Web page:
The move allowed Sports Addiction to keep its doors open during the worst of the great recession, and it also spurred Buser to start expanding his plans. He’d opened the Old Town Bike Barn already, whose growth was quickly fueled by the closure of the only other bike repair shop in town. Still, as anyone who lived through that time knows, money was tight. “Financially, I was rubbing pennies together. So, I thought, ‘Why not get my captain’s license?’”

Taking on charters allowed for the next expansion, Hilton Head by Boat. On the smaller center console Triton and eventually the 26-foot Hurricane Godfrey, the sunset sail and dolphin cruise charters let Buser add to his empire and feed his desire to get out on the water. And with that, the third front on his expanding empire opened, letting Buser sail through the choppy waters of economic uncertainty.

His meticulous planning had gotten them through the worst of it, but there was another storm on the horizon in the form of a global pandemic. We assume you know which one. For Buser’s business, however, this storm’s clouds were ringed with silver.

“During COVID, they told you to get outside, so everyone wanted to get a bike,” he said. He planned for that, as well, filling his inventory of bicycles to the brim in anticipation of both the surge in demand and the cratering of supply. “I was super aggressive. It was just ‘buy now because there’s not going to be any later on.’”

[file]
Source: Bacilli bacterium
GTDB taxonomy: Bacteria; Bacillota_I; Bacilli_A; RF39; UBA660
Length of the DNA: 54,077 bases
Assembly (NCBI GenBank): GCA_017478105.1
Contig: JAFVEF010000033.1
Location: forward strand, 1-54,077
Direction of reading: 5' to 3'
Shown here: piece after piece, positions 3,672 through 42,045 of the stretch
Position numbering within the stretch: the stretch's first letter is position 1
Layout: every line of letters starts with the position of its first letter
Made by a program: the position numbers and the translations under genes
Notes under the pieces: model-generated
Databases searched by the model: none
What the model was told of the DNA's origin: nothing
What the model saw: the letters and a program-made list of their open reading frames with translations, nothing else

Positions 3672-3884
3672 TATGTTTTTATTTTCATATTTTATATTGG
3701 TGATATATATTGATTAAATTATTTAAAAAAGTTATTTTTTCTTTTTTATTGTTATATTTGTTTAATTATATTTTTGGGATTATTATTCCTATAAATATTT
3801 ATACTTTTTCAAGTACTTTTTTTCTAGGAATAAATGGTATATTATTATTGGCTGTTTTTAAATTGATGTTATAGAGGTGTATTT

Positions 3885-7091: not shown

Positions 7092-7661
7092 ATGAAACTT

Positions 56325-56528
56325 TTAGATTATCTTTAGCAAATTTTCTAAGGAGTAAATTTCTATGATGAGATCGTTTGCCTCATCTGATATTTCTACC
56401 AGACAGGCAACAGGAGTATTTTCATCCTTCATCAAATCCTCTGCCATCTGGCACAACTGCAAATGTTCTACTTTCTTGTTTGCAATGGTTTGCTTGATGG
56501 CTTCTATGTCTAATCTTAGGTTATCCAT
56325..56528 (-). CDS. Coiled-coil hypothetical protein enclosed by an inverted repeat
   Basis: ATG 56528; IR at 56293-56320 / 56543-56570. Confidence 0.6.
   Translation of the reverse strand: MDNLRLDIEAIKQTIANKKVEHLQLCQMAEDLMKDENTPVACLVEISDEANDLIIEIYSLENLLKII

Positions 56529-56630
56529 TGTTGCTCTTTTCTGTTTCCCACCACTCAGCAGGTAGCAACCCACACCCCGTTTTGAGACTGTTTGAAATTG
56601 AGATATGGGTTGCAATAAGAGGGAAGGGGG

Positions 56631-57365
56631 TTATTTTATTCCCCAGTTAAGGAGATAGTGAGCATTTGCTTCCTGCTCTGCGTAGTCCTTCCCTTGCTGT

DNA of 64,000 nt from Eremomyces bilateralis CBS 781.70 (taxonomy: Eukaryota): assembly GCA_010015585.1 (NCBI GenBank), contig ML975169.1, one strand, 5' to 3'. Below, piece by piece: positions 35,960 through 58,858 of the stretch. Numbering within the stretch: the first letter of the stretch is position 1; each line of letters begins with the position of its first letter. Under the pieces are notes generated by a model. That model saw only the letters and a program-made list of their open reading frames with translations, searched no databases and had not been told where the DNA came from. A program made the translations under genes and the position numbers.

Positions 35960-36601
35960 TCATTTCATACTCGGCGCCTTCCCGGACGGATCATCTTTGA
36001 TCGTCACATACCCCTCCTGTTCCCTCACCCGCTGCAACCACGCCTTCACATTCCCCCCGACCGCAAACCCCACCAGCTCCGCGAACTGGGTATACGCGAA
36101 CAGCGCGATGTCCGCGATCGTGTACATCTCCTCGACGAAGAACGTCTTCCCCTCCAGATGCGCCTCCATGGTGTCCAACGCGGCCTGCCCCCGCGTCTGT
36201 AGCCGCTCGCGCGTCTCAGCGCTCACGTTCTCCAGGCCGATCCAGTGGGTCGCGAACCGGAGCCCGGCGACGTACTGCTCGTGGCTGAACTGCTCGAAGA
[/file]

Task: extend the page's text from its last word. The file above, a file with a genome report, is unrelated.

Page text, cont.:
In addition to the stream of cyclists showing up at the Bike Barn, Sports Addiction’s emphasis on home gym equipment helped them thrive during lockdown. “It brought a lot of awareness to being physically fit. Everyone was buying equipment for their home instead of going to the gym.”

The pandemic also helped him secure a key staffer, one who has always been a big part of his plans. “My wife, Marri, was in the restaurant business at Captain Woody’s for 10-11 years. When COVID hit, we were so busy, I asked if she could quit because we needed her so bad. She was essential,” he said. “There were people lined up outside my door placing orders for bikes, and we were just blowing through so much stuff. She started handling inventory and pricing, and it’s the best thing that ever happened to my marriage.”

She’s not the only key team member, though. Buser is quick to credit the folks who helped build his businesses and keep them running. Whether it was Bill Herbkersman’s mentorship early on, the members of the business community who have supported him from the beginning (“They know who they are.”) or the employees who have proved indispensable, they are all part of the plan.

“I’m super blessed to have this incredible staff who have been with me through all that. It was rough being in there during COVID,” he said. “My staff was amazing. It was definitely different, but we were so busy.”

And now, with the pandemic behind us and further highs and lows ahead, Buser continues to look down the road to what’s next. “You have to have some kind of plan—some kind of vision,” he said. “They don’t always work out. You gotta stick your foot in the mud for a while because it doesn’t come easy.”